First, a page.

As part of our series of interviews on tourism in Coastal West Sussex, we spoke to Jo Williams, Partnership Manager at Experience West Sussex Partnership. The Partnership works with the county, district and borough councils, the Coastal West Sussex Partnership and other tourism partners to deliver business support and help attract visitors to the area.

The pandemic hit hospitality and tourism industries particularly badly. How has Experience West Sussex been supporting businesses?

Experience West Sussex have been working alongside our visitor economy businesses over the last two years to provide support to help weather the Covid storm.

As part of our support for the coastal economy, Experience West Sussex and the Coastal West Sussex Partnership have been working in partnership with England’s Coast, a destination partnership supporting the coastal visitor economy. Its consumer research shows that 74 per cent of domestic consumers are considering a break to the coast in 2022 and discussions at the beginning of the year with partners across Europe spoke of promising signs of some recovery over the next 12 months. 

Jo Williams, Partnership Manager at Experience West Sussex Partnership

2022 is hopefully looking to be a more stable operating environment with regards to Covid restrictions and increased vaccination levels.

The domestic boom that we saw last year will be challenged this year however, as the outbound market will be operating with fewer restrictions than last summer, but as the England’s Coast figures show, there seems to be a positive mood for demand. However, there are still many challenges for the sector.

What are the main challenges for our coastal West Sussex tourism and hospitality businesses in 2022?

Recent research has shown that our coastal tourism and hospitality businesses are exceptionally fragile – many have said they have one or two months of reserves. It’s essential they have a good summer this year.

Although 2022 is looking more stable with regards to Covid restrictions and increased vaccination levels, more people are likely to be travelling abroad. Other major challenges facing the sector include uncertainty around conflict in Europe, recruitment challenges and the cost-of-living crisis that puts the inevitable squeeze on discretionary income, which is vital for our sector.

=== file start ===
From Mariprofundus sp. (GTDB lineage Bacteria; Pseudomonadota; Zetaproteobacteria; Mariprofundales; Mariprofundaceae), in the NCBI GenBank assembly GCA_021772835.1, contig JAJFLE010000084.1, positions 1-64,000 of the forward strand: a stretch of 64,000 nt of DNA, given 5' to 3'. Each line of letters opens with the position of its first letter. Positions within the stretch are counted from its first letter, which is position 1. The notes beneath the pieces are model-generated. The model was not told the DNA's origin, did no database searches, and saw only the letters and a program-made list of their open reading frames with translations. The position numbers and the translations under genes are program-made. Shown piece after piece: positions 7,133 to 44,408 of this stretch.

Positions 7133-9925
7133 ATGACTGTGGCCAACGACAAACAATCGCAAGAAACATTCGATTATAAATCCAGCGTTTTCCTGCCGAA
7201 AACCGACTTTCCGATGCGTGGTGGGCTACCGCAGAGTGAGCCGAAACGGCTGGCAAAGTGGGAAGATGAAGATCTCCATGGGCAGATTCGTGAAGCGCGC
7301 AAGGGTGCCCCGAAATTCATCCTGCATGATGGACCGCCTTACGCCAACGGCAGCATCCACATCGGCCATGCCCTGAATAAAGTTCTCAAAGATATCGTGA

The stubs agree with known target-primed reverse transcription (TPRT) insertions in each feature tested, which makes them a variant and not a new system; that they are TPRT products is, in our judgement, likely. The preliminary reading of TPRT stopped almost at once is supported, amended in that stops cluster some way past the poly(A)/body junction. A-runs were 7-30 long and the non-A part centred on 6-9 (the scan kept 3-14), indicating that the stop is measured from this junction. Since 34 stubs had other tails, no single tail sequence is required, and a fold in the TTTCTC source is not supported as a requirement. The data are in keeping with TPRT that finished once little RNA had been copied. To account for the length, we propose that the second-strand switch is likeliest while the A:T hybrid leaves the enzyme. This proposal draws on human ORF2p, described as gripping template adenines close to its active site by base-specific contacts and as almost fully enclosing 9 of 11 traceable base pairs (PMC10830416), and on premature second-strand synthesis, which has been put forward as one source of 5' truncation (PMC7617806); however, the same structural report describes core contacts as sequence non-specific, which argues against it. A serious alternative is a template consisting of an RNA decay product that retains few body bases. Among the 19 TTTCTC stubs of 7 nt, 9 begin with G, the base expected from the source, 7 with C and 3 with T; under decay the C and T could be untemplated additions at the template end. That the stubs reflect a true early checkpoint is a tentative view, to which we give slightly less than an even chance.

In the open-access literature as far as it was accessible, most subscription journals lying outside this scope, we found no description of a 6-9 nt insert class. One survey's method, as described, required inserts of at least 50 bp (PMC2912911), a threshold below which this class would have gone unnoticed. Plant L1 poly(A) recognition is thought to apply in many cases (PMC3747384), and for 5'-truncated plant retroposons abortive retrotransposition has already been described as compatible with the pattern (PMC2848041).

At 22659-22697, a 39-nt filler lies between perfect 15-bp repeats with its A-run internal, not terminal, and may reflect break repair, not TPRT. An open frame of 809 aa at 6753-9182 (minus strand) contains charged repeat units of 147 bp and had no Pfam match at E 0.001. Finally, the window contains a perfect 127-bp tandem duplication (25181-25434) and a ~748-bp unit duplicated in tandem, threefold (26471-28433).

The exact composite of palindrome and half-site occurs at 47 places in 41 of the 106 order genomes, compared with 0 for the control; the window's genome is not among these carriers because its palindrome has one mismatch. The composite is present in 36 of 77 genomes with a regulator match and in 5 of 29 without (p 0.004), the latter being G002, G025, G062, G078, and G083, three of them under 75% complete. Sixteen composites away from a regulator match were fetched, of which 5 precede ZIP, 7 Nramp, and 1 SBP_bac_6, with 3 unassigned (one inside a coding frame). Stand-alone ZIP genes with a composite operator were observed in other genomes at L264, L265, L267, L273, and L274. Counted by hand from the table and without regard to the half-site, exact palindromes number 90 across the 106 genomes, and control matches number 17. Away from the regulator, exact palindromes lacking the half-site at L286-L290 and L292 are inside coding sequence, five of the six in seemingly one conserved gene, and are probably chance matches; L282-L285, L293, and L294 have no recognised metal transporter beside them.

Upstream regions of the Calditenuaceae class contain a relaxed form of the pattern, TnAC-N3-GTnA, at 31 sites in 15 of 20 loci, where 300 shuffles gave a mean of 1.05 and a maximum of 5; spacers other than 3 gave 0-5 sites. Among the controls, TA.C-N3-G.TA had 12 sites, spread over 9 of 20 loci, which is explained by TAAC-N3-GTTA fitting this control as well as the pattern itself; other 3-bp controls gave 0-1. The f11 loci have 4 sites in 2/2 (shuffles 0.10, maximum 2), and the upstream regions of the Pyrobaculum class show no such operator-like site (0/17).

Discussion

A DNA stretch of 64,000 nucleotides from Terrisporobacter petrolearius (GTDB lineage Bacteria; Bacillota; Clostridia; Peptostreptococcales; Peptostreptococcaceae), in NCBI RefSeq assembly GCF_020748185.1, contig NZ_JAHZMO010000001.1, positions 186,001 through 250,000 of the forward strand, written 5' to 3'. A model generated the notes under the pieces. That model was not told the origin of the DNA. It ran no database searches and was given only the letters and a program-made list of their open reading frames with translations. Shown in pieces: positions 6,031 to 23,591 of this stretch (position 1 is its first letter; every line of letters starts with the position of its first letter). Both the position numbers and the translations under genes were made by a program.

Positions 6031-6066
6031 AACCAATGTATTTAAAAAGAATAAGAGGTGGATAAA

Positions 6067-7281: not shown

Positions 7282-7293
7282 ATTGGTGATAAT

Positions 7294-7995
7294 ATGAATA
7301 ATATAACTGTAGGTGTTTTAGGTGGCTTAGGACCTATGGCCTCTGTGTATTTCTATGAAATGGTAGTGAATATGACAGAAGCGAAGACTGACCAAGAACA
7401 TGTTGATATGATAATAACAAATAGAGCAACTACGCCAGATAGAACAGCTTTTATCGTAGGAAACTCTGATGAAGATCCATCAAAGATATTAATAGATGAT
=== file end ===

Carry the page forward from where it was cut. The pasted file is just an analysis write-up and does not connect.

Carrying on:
The awful situation in Ukraine is going to have knock on impacts to the travel and tourism world – flight path changes and increased energy costs are already happening. We are yet to see what this means for inbound recovery.

What needs to happen to help the sector grow?

Experience West Sussex has recently asked what specific support businesses are looking for. Tourism business owners have fed back that they would like more guidance on funding and grants, access to free marketing, tips on sustainability, and support with planning, recruitment and networking.

We are working with the Coastal West Sussex Partnership to deliver this relevant support over the next year.

Experience West Sussex also supports those in the industry calling for the reductions to VAT for tourism, as this would really help businesses.

While all other major European tourism destinations apply a Reduced Rate of VAT to tourism products (averaging 10.5 per cent), the UK applies the Standard Rate of 20 per cent. This puts the UK at a severe competitive disadvantage. Reducing VAT to 5 per cent on accommodation and attractions will create 80,000 jobs and provide a return to the Exchequer of £2.6 billion over 10 years.